We are all too familiar with the quotes “Dog is Man’s Best Friend”; however, despite these bits of sentimentality we also must acknowledge that not all people agree with these statements. In the underlayer of humanity, there exists a cruelty to animals. Hoofed, pawed, web footed, and winged; animals regardless of their species are often mistreated. They are the voiceless creatures whose barks and meows, neighs, and brays are often not ever heard. Only when they are physically abused do their human counterpart sense their despair. Fortunately, there is an organization that hears their voices, The American Society for the Prevention of Cruelty to Animals. It is their mission to “to provide effective means for the prevention of cruelty to animals throughout the United States.” So, when you hear the idiom, “Crying crocodile tears”, it just might mean something different than you think to the crocodile.
Today’s post brings you the esteemed thinker: Henry Bergh (1813-1888) aka “Angel with at Top Hat”. Philanthropist, animal crusader, founder of the ASPCA, he was born in New York into a wealthy family. His father, a highly successful shipbuilder, died when he was young leaving his son to inherit a fortune. Bergh’s notoriety grew in social circles that included the political elite of his time as well. He supported abolitionist positions and gained appointment to Lincoln’s cabinet as an American Delegate to Russia. As a result, he traveled extensively. It was during his travels that he became greatly impacted by what he saw, cruelty to animals. In Russia he witnessed peasants beating horses and was shocked by the violence of Spanish bullfighting.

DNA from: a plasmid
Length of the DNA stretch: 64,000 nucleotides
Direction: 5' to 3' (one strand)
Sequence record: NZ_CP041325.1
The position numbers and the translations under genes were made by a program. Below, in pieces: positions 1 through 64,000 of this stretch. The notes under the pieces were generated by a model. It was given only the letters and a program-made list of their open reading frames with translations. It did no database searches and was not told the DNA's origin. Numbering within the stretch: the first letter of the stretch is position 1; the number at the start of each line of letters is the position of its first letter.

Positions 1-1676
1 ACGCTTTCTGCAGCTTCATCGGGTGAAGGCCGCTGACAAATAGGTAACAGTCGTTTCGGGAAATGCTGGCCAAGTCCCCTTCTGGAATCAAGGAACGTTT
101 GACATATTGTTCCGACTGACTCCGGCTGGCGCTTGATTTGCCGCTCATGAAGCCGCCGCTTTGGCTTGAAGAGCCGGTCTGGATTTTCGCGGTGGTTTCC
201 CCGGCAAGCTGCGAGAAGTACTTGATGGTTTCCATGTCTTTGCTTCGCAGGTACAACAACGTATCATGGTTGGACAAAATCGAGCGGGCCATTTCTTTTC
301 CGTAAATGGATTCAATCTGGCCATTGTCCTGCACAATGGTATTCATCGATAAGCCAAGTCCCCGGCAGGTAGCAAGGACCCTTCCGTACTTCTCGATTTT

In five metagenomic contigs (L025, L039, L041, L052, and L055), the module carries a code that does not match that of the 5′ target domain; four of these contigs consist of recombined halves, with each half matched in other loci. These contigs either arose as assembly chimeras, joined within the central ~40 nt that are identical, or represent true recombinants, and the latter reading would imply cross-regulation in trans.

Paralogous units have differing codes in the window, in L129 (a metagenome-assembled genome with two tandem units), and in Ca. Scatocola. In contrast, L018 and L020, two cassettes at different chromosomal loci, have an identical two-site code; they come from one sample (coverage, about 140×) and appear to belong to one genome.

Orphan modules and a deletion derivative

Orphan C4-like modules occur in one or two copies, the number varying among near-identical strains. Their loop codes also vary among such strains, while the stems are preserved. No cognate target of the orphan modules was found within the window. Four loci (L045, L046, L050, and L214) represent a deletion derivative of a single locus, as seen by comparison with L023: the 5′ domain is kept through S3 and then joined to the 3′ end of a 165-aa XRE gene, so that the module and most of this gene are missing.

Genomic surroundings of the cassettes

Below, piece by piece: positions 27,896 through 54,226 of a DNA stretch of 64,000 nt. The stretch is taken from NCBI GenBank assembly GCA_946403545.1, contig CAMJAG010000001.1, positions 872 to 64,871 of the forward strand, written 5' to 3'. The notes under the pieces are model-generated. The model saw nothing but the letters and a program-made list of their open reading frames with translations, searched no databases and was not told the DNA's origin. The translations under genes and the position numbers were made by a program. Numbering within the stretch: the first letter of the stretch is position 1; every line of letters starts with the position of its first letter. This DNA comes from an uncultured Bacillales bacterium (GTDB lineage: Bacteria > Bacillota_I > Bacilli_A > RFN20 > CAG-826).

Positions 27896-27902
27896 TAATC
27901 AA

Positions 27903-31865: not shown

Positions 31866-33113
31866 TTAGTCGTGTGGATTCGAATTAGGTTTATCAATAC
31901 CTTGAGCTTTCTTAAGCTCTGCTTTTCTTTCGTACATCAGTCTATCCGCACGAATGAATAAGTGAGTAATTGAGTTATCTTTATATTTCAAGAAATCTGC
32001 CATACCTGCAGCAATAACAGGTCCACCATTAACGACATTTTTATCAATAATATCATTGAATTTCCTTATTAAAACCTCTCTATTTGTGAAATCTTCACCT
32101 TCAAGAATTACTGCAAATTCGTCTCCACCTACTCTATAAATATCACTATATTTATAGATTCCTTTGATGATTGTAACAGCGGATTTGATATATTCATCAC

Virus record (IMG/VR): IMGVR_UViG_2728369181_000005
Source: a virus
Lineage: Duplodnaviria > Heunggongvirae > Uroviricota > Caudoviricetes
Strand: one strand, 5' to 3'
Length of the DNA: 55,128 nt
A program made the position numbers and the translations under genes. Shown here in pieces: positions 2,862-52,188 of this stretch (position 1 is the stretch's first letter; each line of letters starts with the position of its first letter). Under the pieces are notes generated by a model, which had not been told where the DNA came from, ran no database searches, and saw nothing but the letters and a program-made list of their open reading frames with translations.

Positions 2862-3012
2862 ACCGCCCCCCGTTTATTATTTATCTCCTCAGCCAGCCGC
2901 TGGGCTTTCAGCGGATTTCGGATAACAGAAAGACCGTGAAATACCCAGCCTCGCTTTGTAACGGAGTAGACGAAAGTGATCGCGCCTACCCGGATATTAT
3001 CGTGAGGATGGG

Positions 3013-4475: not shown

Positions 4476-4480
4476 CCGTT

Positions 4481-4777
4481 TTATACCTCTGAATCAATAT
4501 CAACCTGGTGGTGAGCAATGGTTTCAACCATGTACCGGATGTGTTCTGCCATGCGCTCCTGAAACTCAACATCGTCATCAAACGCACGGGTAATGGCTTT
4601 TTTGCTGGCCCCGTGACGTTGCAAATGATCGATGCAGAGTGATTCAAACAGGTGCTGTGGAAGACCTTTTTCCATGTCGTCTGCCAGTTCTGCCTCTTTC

Driven by this suffering and injustice of the treatment to animals around the world and in the United States he decided to devote himself to these “mute servants of mankind”. In 1866 he drafted a Declaration of the Rights of Animals, proposed a society to protect animals. these creatures and offered his proposal at Clinton Hall. On April 10, 1866, a charter incorporating the American Society for the Prevention of Cruelty to Animals was signed and the following week, an anti-cruelty law was passed granting ASPCA the power to enforce such laws. The ASPCA agents were often referred to as “Berghsmen”.
His work for animals did not stop with the ASPCA, he soon earned the moniker of “meddler” when he installed drinking fountains for working horses and fought to put an end to dog fighting and cock fights. He also invented the clay pigeon, to spare live birds from sport shooters and carried on a high-profile dispute with P.T. Barnum over the treatment of the animals in his menagerie. However, Bergh’s persistence and integrity eventually turned Barnum into a friend.
Second image: photomechanical print : halftone